Hell hath no fury like a buyer scorned, according to a new study on salesperson behaviour and their influences on buyer-seller relationships.
The recurrent interactions occurring over a span in a buyer-seller relationship are complex exchanges. Salespeople may have the best of intentions, but a buyer might perceive their behaviour as innocuous or even hostile.
Other aspects of the relationship, most notably dedicated investments, contracts and dependence, influence the likelihood of buyers making these critical judgments. How one buyer assesses a seller’s behaviour may lead to generalization about the partner’s motivation (i.e. opportunism) and their strategies for continuing the relationship (i.e. retributive opportunism).
Buyers often struggle to understand the motives behind certain equivocal salesperson actions (e.g., ambiguous, vague, questionable). When these individual acts are viewed as nefarious, overall judgments of the trading partner’s motivations are also deemed as miscreant. Consequently, the buyer’s first evaluation of the incident can lead to degradation of the whole relationship.
This begs the question: How can firms structure their sales activities in a way that prevents these equivocal behaviours?
Reciprocal responses to perceived negative behaviour
In our research to answer these questions, we first sought to gain a better understanding of how buyers evaluate certain behaviours undertaken by their salesperson. In our first study, we collected data from 213 medical buyers in the U.S. health industry. Our follow-up study assessed data provided by 285 industrial buyers representing multiple industries.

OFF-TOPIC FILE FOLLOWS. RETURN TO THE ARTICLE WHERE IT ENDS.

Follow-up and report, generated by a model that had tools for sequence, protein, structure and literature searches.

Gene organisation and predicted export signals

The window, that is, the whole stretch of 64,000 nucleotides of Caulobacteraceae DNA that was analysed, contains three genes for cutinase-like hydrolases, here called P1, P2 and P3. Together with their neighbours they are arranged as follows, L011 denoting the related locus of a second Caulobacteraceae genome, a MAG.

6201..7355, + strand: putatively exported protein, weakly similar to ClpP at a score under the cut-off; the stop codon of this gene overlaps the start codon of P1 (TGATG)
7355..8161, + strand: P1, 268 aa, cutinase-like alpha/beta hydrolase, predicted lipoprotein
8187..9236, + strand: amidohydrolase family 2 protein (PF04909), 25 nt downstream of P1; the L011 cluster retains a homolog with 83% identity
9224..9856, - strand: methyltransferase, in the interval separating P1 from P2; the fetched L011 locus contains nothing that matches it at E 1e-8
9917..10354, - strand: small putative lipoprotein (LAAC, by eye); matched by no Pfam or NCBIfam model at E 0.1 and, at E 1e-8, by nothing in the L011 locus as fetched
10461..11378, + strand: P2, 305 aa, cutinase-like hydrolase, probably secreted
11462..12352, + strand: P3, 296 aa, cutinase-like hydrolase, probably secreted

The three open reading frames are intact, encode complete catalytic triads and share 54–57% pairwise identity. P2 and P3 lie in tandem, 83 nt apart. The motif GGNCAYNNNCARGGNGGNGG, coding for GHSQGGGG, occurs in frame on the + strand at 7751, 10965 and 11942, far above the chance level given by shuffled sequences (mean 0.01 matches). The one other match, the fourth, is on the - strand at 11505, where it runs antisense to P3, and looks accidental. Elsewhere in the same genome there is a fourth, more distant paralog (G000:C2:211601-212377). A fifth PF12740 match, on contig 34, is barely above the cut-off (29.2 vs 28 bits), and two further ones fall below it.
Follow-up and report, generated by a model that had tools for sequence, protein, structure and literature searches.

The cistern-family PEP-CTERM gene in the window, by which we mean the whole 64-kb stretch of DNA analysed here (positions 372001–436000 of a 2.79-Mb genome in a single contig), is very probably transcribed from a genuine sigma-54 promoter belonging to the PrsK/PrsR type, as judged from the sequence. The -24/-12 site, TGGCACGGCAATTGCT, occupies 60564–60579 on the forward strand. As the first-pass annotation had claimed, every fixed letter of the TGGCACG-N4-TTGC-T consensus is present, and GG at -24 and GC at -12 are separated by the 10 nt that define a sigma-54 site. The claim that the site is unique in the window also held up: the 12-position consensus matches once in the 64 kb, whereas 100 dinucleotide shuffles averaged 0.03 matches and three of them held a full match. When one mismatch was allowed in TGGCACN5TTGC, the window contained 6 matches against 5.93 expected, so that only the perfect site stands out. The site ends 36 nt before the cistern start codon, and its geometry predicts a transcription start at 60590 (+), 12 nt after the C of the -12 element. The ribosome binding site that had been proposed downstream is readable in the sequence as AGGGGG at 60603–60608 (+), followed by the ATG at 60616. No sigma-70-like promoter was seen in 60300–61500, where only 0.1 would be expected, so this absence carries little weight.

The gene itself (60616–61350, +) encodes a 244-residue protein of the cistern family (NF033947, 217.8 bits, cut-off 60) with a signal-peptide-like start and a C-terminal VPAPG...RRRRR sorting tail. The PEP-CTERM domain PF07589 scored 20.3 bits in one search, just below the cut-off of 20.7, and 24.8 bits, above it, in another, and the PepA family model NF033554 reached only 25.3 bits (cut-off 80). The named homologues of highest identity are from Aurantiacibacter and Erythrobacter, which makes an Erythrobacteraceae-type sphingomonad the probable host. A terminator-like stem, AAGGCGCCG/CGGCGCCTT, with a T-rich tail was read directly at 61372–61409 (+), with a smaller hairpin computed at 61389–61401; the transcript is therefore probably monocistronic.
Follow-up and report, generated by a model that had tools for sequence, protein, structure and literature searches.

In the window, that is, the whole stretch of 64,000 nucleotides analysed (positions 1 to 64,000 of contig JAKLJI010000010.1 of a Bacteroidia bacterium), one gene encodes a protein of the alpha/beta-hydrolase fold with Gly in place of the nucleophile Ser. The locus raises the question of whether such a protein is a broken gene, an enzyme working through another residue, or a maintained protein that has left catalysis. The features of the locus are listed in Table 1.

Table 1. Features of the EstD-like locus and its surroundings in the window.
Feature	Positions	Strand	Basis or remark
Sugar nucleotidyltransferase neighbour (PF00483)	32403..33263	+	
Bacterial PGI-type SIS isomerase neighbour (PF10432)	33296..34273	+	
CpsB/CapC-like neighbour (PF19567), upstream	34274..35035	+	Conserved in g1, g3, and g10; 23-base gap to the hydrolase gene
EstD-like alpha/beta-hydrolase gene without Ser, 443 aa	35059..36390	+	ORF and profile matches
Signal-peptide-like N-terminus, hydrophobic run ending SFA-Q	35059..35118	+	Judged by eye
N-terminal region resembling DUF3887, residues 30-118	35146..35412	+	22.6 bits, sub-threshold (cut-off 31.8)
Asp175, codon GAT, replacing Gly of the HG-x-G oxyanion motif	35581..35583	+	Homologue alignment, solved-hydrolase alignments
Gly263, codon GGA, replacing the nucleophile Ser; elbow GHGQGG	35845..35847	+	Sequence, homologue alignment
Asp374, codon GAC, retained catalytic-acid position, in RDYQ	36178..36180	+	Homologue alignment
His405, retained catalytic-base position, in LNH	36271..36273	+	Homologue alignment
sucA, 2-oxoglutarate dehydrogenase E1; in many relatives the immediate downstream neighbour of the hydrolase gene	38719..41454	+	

The two studies resulted in numerous interesting insights with implications for sales organisations and managers. First, we found that certain conditions make buyers more likely to view salesperson behaviour negatively and act accordingly, with reciprocal guileful, self-interest seeking behaviour.
Put differently, when the buyer thinks the seller is acting opportunistically, they will act the same way in return and thus reduce their commitment to the existing relationship.
Fortunately, we also found factors that have a desirable influence on how buyers perceive salespeople behaviour. For example, sales managers can put operational guidelines in place that stipulate the necessity of well-documented agreements in order to safeguard their salespeople from unwanted negative attributions.
Likewise, managers should cultivate a culture where the benefits of long-term strategic partnerships are promoted. These activities encourage and facilitate salespeople and organizations to be more customer-oriented in their approach to selling, resulting in more solidarity-based buyer-seller relationships.
Salespeople should consider how facets of the relationship could influence how buyers evaluate their behaviour. If a buyer has invested heavily in unique procedures or products, they are also more likely to perceive equivocal acts as nefarious. Salespeople can quell these misperceptions with contractual agreements that reduce the risk of buyers viewing future behaviour as opportunism.
All in all, these measures could be vital for any manager interested in increasing the quality of an existing exchange-based relationship.
This article is written for BI Marketing Magazine 2020.
Jody Crosno, Robert Dahlstrom & Scott B. Friend (2020): Assessments of equivocal salesperson behavior and their influences on the quality of buyer-seller relationships, Journal of Personal Selling & Sales Management, DOI: 10.1080/08853134.2020.1742134